Our post about which NBA teams have the best fan bases has generated a good deal of response. This response has included insightful questions about the models and variables. We wanted to use this post to provide some more detail and examples.
Before we get into the NBA study, it is probably useful to give folks a bit more background on what we are trying to accomplish. Our unofficial mission is to use marketing concepts and statistical methods to understand the behavior of players, teams, and leagues. We are both sports fans and academics, so our goal is to go beyond opinion, and use data to generate new insights into the world of sports.
When we start an analysis like the NBA fan equity study we really don’t start with an agenda (though Professor Lewis does acknowledge a personal bias against Duke Basketball). We start with a bunch of data and some concepts (theory) that guide the way we approach the analysis. In the case of the fan equity study, our guiding theory is that team revenue is based on the loyalty of fans, the size of the team’s market, the quality of the product and the entertainment value of the team.
The analysis begins with a model of box office revenue based on variables that correspond to market potential (capacity and market population), team quality (winning percentage) and entertainment value (number of all stars, payroll). The insight or theory that drives the analysis is that this model can be used to predict the revenue that is due to quality and market potential. Any difference between this predicted value and actual value is due to “fan loyalty.”
In their responses to us, readers tended to ask about a few specific teams. For instance, there was a great deal of interest in comparisons between the Knicks and the Nets. The table below shows several differences between the two teams that are drivers of the differential fan equity. The teams share the largest population metropolitan areas but the Knicks achieve a 10.7% advantage in terms of attendance DESPITE charging much greater prices. It is this greater pricing power that pushes the two teams to opposite ends of the ranking.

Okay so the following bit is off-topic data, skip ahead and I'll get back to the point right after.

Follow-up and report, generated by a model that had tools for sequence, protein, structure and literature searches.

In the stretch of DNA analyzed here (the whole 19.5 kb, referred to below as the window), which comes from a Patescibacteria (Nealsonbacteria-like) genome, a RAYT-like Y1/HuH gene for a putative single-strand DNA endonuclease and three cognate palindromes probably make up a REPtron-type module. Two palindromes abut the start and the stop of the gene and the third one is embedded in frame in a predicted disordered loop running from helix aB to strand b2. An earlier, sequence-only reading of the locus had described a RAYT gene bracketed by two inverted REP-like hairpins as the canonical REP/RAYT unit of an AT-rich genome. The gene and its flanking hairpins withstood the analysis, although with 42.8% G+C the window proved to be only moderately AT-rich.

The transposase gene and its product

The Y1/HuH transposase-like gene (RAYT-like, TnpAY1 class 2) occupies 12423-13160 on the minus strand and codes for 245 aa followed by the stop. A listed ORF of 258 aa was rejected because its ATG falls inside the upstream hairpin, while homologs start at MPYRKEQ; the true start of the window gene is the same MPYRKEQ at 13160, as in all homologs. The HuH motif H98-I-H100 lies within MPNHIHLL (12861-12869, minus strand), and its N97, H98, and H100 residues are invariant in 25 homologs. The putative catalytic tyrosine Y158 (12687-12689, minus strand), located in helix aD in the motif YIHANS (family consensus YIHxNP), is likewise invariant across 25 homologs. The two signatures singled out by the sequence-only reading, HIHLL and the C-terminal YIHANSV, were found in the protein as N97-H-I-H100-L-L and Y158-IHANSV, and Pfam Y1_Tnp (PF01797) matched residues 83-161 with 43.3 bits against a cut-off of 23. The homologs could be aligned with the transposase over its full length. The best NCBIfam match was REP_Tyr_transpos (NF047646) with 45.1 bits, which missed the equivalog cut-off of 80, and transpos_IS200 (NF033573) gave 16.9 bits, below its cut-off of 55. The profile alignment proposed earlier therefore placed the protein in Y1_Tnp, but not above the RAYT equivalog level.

Another illuminating comparison could be made between Orlando and Golden State. Given the excitement surrounding the Warriors the casual fan would likely assume that Golden State enjoyed a stronger fan base. However, when we look at the numbers we see that Orlando generates almost the same attendance (and charges slightly higher prices) while operating in a market that is half the size and winning fewer than half as many games. Our analytics driven approach accounts for these differences. It also makes sense when you consider that Orlando fans provide about the same amount of box office revenue as GSW fans, while the team draws from a smaller market and wins only 24% of their games.
This last point is really the key to our analysis. As a further example, while Miami is currently a great revenue driving team, we need to realize that their fans are attracted to a team that won 80% of their regular season games and has three all- stars and the likely MVP in the lineup. The true test of fan loyalty is what happens when a team slumps. This is why teams like Orlando and Dallas do so well in our rankings.
Mike Lewis & Manish Tripathi, Emory 2013.